U.S. President Barack Obama
took aim at climate-warming greenhouse gases on Tuesday and obliged the
struggling auto industry to make more efficient cars by imposing tough
national standards to cut emissions and increase gas mileage.

Obama said the new standards, announced at a White House ceremony
attended by auto industry and union leaders, would reduce U.S.
dependence on foreign oil and give five years of cost certainty to an
auto industry battling to survive.

The status quo is no longer acceptable, Obama said in an
announcement that raised pressure on carmakers to transform and
modernize the industry to produce more efficient vehicles.

We have done little to increase fuel efficiency of America's cars
and trucks for decades, he said, calling the standards the start of a
transition to a clean energy economy.

Obama has made fighting climate change a priority for his
administration, and lawmakers from his Democratic party are this week
wrangling over a historic bill many hope will provide much broader
guidelines for controlling greenhouse gas emissions.

Under the new vehicle standards, U.S. passenger vehicles and light
trucks must average 35.5 miles per gallon (6.62 litres/100km) by 2016,
which Obama said would save 1.8 billion barrels of oil over the
lifetime of the program.

The Environmental Protection Agency would regulate tailpipe emissions for the first time under the standards.

The U.S. Congress does not have to approve the standards, which will be implemented through federal rules.


The plan was praised by automakers and environmentalists but means
higher price tags for consumers. Officials said they would recoup the
money with lower fuel costs.

The new program, the administration said, will add about $600 to the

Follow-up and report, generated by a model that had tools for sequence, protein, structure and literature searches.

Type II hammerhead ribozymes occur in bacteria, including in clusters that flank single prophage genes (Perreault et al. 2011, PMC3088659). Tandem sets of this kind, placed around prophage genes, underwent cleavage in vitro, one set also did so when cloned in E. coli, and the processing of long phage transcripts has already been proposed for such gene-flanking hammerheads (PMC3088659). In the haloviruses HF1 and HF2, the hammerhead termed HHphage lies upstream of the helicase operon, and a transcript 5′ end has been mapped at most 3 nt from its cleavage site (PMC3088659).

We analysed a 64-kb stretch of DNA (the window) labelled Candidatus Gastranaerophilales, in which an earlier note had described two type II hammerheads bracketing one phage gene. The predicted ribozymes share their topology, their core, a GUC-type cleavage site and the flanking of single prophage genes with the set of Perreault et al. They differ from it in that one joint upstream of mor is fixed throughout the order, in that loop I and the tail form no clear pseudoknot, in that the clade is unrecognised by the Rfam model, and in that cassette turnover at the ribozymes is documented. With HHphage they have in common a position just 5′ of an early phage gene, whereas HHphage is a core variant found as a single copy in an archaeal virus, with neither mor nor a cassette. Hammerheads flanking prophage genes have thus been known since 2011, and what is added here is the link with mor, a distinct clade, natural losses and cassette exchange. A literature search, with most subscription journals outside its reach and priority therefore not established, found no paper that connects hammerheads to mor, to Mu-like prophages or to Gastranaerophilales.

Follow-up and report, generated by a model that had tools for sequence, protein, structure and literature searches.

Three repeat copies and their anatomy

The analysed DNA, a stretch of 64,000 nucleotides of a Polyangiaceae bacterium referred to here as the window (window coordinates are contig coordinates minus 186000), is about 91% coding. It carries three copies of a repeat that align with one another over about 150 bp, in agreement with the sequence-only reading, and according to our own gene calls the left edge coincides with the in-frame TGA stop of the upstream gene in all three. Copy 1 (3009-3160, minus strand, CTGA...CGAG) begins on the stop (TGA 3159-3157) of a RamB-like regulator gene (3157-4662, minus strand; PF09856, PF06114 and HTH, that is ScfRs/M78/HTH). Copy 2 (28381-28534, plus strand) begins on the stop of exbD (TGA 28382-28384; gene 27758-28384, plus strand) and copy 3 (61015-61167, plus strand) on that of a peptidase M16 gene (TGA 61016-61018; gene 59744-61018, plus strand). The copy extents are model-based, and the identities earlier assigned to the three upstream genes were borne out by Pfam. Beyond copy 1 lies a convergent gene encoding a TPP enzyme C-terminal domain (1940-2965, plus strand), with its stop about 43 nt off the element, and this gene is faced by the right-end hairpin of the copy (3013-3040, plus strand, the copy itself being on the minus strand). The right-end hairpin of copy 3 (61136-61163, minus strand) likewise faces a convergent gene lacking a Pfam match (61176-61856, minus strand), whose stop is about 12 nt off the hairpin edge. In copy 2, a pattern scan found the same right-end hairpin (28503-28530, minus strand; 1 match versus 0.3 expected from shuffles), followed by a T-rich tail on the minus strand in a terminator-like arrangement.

price of producing a vehicle compared to current law. This requires
automakers to achieve a fleet average of 35 mpg by 2020, a 40 percent
increase over today's performance.

The plan could cut deeply into voracious U.S. gasoline demand,
dealing another blow to a refining sector hard hit by recession and
bracing for more climate legislation.

The White House announcement came as U.S. gasoline prices soared for
the second week in a row, with the latest pump cost up 7 cents over the
previous week to $2.31 a gallon amid signs of an easing of the

Obama was flanked at the ceremony by executives from 10 automakers,
labor leaders and Michigan Gov. Jennifer Granholm, who embraced the
plan for giving the struggling industry cost certainty by setting a
uniform national standard.

At a time of historic crisis in our auto industry, this rule
provides the clear certainty that will allow these companies to plan
for a future in which they are building the cars of the 21st century,
Obama said.

The compromise also resolves a long-running dispute between the
government and California, which had been seeking a waiver from federal
law to impose its own tough standards on emissions.

Obama said a series of lawsuits tied to California's efforts would
be dropped. California Gov. Arnold Schwarzenegger attended the White
House announcement in a show of support.

The proposal is aimed at cutting climate-warming carbon emissions,
which would fall by 900 million metric tons or more than 30 percent
over the life of the program, officials said.